ON JANUARY 2, 2016, Ammon Bundy and a few dozen armed militiamen seized control of the Malheur National Wildlife Refuge in Harney County, Oregon. Their aim, they said, was to protest the imprisonment of Steven and Dwight Hammond, two ranchers convicted of committing arson on public property. More broadly, they had a host of complaints about the federal government's ownership and management of Western lands.
But Anthony McCann sees a kaleidoscope of deeper meanings in the 2016 standoff--crises of work, race, manhood, and history swirling together in a "whacked out American story." McCann, a professional poet, admits that his natural allegiances going in to the story were more with the liberal-progressive side, although he doesn't seem the type even before diving into the story to get quite as radical as those who crudely mocked the Malheur militants (by, for example, mailing them plastic penises) or wished them grievous harm. In Shadowlands, his nuanced account of the occupation and its aftermath, he treats the occupiers and the loose "patriot" movement surrounding them mostly fairly. Meanwhile, the feds' behavior frequently appalls him.
An occupier offers one of the story's blunter morals when he tells McCann, "The government might kill you if you tried to form a commune." McCann concedes the point. The "experience at Malheur," he writes, "seemed to bear this out."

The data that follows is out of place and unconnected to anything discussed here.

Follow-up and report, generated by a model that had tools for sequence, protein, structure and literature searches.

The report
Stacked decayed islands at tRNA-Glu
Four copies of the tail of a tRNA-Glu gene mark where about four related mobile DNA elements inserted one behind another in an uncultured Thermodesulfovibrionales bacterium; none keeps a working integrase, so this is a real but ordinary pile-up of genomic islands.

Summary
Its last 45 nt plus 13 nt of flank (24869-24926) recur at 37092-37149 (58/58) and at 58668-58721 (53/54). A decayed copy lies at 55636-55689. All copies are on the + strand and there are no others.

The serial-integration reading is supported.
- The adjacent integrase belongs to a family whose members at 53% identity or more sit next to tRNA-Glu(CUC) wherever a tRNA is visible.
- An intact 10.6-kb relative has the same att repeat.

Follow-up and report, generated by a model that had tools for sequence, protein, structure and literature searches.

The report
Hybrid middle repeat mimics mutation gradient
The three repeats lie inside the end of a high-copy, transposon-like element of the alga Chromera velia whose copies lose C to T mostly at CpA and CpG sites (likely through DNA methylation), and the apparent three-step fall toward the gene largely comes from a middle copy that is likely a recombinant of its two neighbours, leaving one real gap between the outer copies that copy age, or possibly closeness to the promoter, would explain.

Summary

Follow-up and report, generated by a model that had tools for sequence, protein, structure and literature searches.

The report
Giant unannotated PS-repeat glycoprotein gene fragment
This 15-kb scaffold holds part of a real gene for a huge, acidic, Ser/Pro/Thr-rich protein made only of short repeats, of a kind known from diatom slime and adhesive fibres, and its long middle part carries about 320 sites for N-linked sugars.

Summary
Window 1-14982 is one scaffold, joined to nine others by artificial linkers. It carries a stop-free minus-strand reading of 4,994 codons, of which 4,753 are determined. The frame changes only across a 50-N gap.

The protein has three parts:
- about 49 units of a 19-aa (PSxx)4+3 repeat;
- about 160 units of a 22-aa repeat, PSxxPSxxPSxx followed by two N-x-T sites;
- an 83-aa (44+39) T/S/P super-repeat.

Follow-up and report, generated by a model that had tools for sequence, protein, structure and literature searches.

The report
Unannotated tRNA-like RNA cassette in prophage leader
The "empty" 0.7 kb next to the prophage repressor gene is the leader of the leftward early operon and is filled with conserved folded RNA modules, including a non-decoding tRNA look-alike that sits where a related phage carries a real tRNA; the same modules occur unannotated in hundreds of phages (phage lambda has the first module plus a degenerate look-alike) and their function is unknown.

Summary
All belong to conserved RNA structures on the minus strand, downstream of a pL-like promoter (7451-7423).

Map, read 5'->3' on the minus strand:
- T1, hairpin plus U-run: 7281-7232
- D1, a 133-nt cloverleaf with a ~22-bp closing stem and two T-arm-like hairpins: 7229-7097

THE GOVERNMENT'S CASE against the Hammonds revolved around two occasions when the ranchers set fires on public lands. The Hammonds insist that they set the first fire to control invasive plants and the second to keep a wildfire from reaching their property. The government insisted the first fire was actually meant to hide evidence of illegal deer hunting and that the Hammonds had a record of threatening federal agents. Many Westerners believed the Hammonds, and a judge deliberately gave them a shorter sentence than the legal mandatory minimum. They were already out of jail when an appeals court overturned that decision, ordering them back into custody to serve additional time.
The Hammonds would eventually receive a presidential pardon from Trump (something he has only done 10 times, nearly always for people seen as key parts of his political and ideological coalitions). But that didn't happen until July 2018. As the ranchers returned to their cells in late 2015, many militia types gathered in the nearby town of Burns, Oregon, to protest the revised sentence. They were angry, but...